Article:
A hearing yesterday at press time was to consider the terms of his release. District Judge James Parker had ordered that Lee be confined to his home, that his wife be subject to search when she comes and goes, and that the (tapped) phone be used only for emergencies.
Lee is charged with mishandling the nation's "crown jewels" of nuclear-weapons secrets while working at the Los Alamos National Laboratory. While his actions are alleged to pose a threat to national security, Lee has not been charged with espionage.
He was, however, kept in solitary confinement for eight months and was shackled as he moved in the prison yard - conditions Asian-Americans found offensive.
For most Asian-Americans, the case is without contemporary parallel. "This is reminiscent of internment of the Japanese [during World War II] or hearings during the McCarthy era, when a whole groups loyalty to the nation is seemingly being questioned," says Stewart Kwoh, president of the Asian Pacific American Legal Center in Los Angeles.
Political action to increase?
Some analysts see a silver lining in the case. "It's going to increase activism and awareness of civil rights," says Mr. Wang, who is based in San Francisco.
Whether that takes the form of greater political involvement remains to be seen. Asian-Americans are just now beginning to find their political footing among the nation's minorities.
Statistically more affluent and better educated than African-Americans and Latinos, Asian-Americans have gained social stature more through economic power than political influence.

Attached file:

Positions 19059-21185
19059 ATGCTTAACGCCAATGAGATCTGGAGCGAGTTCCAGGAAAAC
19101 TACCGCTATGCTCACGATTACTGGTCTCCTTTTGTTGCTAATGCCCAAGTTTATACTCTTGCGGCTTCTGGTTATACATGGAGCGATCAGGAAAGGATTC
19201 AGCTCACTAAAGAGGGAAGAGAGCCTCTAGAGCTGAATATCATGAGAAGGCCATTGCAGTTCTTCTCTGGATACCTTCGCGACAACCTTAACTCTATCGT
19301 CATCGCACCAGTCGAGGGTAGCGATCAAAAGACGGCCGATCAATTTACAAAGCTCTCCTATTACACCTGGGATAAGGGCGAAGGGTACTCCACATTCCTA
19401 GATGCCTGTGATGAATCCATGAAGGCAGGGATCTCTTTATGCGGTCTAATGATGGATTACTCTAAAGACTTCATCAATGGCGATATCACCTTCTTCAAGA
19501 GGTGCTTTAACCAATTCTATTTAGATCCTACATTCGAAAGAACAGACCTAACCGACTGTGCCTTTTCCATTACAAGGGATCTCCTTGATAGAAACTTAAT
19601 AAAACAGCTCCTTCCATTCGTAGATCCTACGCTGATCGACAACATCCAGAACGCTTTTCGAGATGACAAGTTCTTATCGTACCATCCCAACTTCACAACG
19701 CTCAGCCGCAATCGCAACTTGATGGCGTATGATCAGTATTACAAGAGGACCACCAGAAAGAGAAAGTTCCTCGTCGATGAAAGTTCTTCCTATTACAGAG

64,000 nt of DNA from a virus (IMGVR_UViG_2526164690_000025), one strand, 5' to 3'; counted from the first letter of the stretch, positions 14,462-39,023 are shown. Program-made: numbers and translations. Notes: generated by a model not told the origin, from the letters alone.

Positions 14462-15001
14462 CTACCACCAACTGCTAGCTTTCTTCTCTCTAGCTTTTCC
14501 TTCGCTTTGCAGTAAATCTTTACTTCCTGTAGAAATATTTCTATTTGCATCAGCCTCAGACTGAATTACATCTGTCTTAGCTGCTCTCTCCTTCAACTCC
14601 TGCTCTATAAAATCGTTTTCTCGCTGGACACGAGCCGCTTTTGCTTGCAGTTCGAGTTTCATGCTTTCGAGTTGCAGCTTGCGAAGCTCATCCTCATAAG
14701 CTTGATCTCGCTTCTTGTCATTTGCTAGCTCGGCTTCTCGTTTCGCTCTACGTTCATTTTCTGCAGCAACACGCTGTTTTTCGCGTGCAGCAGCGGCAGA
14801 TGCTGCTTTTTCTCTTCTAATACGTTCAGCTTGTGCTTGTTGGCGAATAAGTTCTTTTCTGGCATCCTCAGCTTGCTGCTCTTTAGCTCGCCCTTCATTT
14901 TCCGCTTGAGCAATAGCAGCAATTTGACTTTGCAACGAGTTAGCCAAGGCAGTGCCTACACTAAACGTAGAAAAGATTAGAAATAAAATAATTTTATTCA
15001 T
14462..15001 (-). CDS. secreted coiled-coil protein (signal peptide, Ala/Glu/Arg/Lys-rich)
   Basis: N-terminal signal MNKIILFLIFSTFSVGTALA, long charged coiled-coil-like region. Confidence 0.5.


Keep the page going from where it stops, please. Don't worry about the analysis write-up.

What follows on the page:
But that is changing. A new organization called the 80-20 Initiative, for instance, has recently formed to try to sway 80 percent of Asian-American voters to back a single presidential candidate this year in a bid to maximize the group's leverage.
Asian-Americans tilt Democratic, but less so than African-Americans and Latinos. Also, Asian-Americans' party allegiance is generally thin, and many consider themselves independent politically, a feature some hope to parlay into greater influence with the two major parties.
Gaining political clout has been a difficult path for Asian-Americans, who are viewed by many whites as "model" minorities because of their exemplary academic and economic achievements - and are sometimes resented by other minorities for that very label.
Asian-Americans felt the brunt of public doubts about their loyalty during the recent campaign-finance scandal involving Asian donors.
But the Los Alamos case, says David Lee of the Chinese American Voters Education Committee, has generated a broader and more visceral reaction. He likens it in intensity to the 1982 case of Chinese-American Vincent Chin, who was beaten to death by unemployed auto workers in Detroit, angry over the flood of Japanese autos into the country. The mistaken identity showed many Asian-Americans how little they are understood, and anger built further when those convicted of the murders received sentences that did not include any jail time. For many Asian-Americans, Chin's case was the community's Rodney King episode.
And today, for many Asian-Americans, the Wen Ho Lee affair cuts even deeper. "This case," says Lester Lee, a Silicon Valley businessman and a former Regent of the University of California, "has been an awakening for the community."
(c) Copyright 2000. The Christian Science Publishing Society